It's the birthday of poet Louis Zukofsky, born on the Lower East Side of New York City (1904). He said, "Everything should be as simple as it can be . . . not simpler."


It's the birthday of jazz guitarist Django Reinhard, born Jean Baptiste Reinhardt, in Liberchies, Belgium (1910). He formed the Quintet of the Hot Club of France with violinist Stephane Grappelli and quickly became internationally known as one of the very few major European jazz musicians.


It's the birthday of painter Edouard Manet, born in Paris (1832). He's known for his controversial paintings such as "Luncheon on the Grass", which shows two clothed men and a nude woman sitting on the grass by a stream. His work was harshly received by the critics of his day, but the younger painters who were strongly influenced by his work started the movement that became known as Impressionism.


It's the birthday of French actress Jeanne Moreau, born in Paris (1928). She's best known for the roles she played in French New Wave movies like Jules and Jim (1962) and The Bride Wore Black (1968).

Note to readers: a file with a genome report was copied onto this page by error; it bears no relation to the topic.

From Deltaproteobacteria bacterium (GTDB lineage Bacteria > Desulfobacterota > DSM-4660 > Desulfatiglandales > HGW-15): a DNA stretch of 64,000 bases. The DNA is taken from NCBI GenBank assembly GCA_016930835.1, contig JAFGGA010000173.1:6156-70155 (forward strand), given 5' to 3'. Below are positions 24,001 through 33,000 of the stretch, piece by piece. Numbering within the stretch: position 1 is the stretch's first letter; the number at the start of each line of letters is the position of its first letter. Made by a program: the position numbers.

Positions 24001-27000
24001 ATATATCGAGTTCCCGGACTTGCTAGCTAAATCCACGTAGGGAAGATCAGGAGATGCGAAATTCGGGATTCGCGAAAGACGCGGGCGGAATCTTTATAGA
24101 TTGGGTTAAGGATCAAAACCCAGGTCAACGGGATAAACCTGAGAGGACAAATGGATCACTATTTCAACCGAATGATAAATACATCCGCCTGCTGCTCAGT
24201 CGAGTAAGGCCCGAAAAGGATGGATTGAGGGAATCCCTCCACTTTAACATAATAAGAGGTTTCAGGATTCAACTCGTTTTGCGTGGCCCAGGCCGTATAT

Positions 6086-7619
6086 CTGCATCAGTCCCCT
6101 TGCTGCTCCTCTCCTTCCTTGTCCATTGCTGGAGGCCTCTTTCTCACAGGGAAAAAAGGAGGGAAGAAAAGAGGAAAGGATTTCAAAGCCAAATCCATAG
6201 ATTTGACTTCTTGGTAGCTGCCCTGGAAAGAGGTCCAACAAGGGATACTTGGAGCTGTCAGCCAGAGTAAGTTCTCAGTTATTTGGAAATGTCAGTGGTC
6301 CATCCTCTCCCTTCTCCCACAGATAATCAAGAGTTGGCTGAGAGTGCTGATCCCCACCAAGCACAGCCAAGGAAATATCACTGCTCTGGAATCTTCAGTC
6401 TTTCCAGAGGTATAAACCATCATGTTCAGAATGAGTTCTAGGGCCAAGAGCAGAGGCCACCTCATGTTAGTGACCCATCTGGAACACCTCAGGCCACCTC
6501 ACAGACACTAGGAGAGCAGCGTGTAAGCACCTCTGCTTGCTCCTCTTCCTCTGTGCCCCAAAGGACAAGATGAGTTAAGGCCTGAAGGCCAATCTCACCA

It's the birthday of actor Humphrey Bogart, born in New York City (1899). He was expelled from Massachusetts' Phillips Academy and immediately joined the Navy to fight in World War I, serving as a ship's gunner. One day, while roughhousing on the ship's wooden stairway, he tripped and fell, and a splinter became lodged in his upper lip; the result was a scar, as well as partial paralysis of the lip, resulting in the tight-set mouth and lisp that became one of his most distinctive onscreen qualities.

Be well, do good work, and keep in touch.®

 









«

»

  • “Writers end up writing stories—or rather, stories' shadows—and they're grateful if they can, but it is not enough. Nothing the writer can do is ever enough” —Joy Williams
  • “I want to live other lives. I've never quite believed that one chance is all I get. Writing is my way of making other chances.” —Anne Tyler
  • “Writing is a performance, like singing an aria or dancing a jig” —Stephen Greenblatt
  • “All good writing is swimming under water and holding your breath.” —F. Scott Fitzgerald
  • “Good writing is always about things that are important to you, things that are scary to you, things that eat you up.” —John Edgar Wideman
  • “In certain ways writing is a form of prayer.” —Denise Levertov
  • “Writing is a socially acceptable form of schizophrenia.” —E.L. Doctorow